Sixteen minutes into a Skype session with the founders of Easy Bay Records—a new tape label and sister imprint to Crash Symbols—co-founder Dwight Pavlovic asks a seemingly random question: “Who was the president for disco?”
Richard Nixon was United States president when the genre came to fruition. Gerald Ford was commander-in-chief when disco rose to mainstream popularity, and Jimmy Carter was in charge when it fizzled out completely.
“Just a bunch of assholes,” Pavlovic says with a laugh. He pauses, then says, “Disco definitely helped.”
In the bleakest of times in America, disco grooves have offered escape. With Barack Obama leaving office and the fear of a Donald Trump presidency on the horizon, it seems we might need disco’s good vibes once again. Enter Easy Bay, a disco, house, and boogie imprint based on a short-lived DJ night in Oakland, which remained in the memory of old friends who kept in touch via Skype.
Before moving Crash Symbols to Morgantown, West Virginia, Dwight and Liz Pavlovic lived in Oakland. Founded in 2010, Crash Symbols mined the weirdest in psychedelia, spanning a wide gamut: dub, electronic, sound collage, hip-hop and vaporwave. Occasionally, they dip into house music—like with the Cream Dream: Collected tape in 2013. Dwight and Liz moved east in 2012, which was also around the time that electronic producer and former XLR8R editor Glenn Jackson was throwing Easy Bay nights in Oakland. Despite the distance between them, Jackson and the Pavlovics maintained a strong friendship through chat sessions on Skype.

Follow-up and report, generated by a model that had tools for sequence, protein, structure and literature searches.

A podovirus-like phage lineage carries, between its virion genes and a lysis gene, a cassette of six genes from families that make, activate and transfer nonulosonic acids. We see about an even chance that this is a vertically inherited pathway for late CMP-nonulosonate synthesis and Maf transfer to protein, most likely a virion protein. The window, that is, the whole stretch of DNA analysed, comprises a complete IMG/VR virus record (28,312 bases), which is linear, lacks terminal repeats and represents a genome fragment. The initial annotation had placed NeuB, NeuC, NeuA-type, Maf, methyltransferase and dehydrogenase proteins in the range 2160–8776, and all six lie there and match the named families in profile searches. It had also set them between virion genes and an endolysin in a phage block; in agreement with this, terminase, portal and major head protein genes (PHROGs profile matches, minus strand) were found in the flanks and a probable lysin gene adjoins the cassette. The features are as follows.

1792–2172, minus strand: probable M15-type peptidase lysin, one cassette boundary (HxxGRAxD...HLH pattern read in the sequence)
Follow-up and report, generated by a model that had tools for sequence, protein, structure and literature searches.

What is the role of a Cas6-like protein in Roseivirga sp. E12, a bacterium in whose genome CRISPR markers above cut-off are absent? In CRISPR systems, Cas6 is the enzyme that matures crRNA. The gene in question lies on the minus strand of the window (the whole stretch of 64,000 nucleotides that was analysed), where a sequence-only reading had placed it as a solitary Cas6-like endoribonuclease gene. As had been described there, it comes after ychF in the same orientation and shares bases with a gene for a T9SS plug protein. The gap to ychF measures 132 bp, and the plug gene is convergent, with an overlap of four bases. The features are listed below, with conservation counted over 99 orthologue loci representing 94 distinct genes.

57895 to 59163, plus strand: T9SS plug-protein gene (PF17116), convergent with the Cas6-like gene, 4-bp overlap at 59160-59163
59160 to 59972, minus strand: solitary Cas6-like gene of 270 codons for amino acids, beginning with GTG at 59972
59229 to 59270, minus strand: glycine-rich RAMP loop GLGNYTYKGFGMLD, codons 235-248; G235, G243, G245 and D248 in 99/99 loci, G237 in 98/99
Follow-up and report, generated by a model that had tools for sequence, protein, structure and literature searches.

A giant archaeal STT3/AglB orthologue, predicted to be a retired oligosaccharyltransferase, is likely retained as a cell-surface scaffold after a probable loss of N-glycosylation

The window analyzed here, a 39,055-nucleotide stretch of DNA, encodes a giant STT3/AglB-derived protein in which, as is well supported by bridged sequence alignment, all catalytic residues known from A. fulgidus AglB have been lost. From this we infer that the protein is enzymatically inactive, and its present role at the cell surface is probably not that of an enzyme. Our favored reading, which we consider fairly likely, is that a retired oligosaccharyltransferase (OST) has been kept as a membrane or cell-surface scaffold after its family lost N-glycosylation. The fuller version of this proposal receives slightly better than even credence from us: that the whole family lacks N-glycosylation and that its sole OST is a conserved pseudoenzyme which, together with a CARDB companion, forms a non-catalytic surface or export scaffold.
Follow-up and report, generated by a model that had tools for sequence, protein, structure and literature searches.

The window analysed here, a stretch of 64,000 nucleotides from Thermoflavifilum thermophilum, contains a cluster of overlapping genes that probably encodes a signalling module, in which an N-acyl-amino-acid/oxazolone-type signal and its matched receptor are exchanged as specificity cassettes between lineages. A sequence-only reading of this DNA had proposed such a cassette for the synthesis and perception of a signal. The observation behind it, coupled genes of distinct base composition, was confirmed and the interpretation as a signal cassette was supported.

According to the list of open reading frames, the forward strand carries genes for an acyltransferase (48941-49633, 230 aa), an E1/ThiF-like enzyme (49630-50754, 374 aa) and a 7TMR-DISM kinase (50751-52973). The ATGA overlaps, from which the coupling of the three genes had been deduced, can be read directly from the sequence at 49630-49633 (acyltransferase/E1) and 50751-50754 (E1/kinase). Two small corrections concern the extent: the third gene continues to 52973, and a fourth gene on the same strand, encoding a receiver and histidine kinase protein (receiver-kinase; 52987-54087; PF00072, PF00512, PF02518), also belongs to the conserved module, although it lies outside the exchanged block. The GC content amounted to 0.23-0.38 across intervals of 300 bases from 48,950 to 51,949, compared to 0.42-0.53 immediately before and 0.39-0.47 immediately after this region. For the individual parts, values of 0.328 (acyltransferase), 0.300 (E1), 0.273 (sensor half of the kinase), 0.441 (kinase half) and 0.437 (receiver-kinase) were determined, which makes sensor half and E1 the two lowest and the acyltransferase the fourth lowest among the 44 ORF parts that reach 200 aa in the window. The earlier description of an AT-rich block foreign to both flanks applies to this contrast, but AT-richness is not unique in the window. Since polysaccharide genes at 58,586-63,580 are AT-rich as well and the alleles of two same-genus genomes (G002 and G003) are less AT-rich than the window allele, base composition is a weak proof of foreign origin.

Now, six years into its lifespan, the Pavlovics want to narrow the scope of Crash Symbols, and have committed themselves to pursuing psychedelic music. “There’s an agenda around the definition of psychedelic,” Dwight says. “There’s a lot of soft rock coming out right now that’s called psychedelic music, and I don’t know what normal experience that’s going to jostle you out of. Unless you’re just really having a shit time.”
Launching the Easy Bay imprint with Jackson as curator, the House, Disco, Boogie, and Other Oddities compilation was their way of setting the parameters. Jackson sees it as a way for artists like Exray’s, who are not known for disco, to experiment with a simple and fun format.
“One of the things I liked about doing something with Dwight and Liz, [is that] the whole Crash Symbols label doesn’t take itself too seriously, which I had encountered a lot of working at XLR8R,” he says. “I love electronic music, but at the end of the day, it’s often just a person in a room clicking a button.”
“One of the emphasises we landed on was that it’s going to be fun and sort of breezy,” Jackson continues. “The name ties into that. It’s fun disco music. It’s not going to change the world. Hopefully, it’s just going to be fun to listen to when you’re stoned and you’ve got your boombox out.”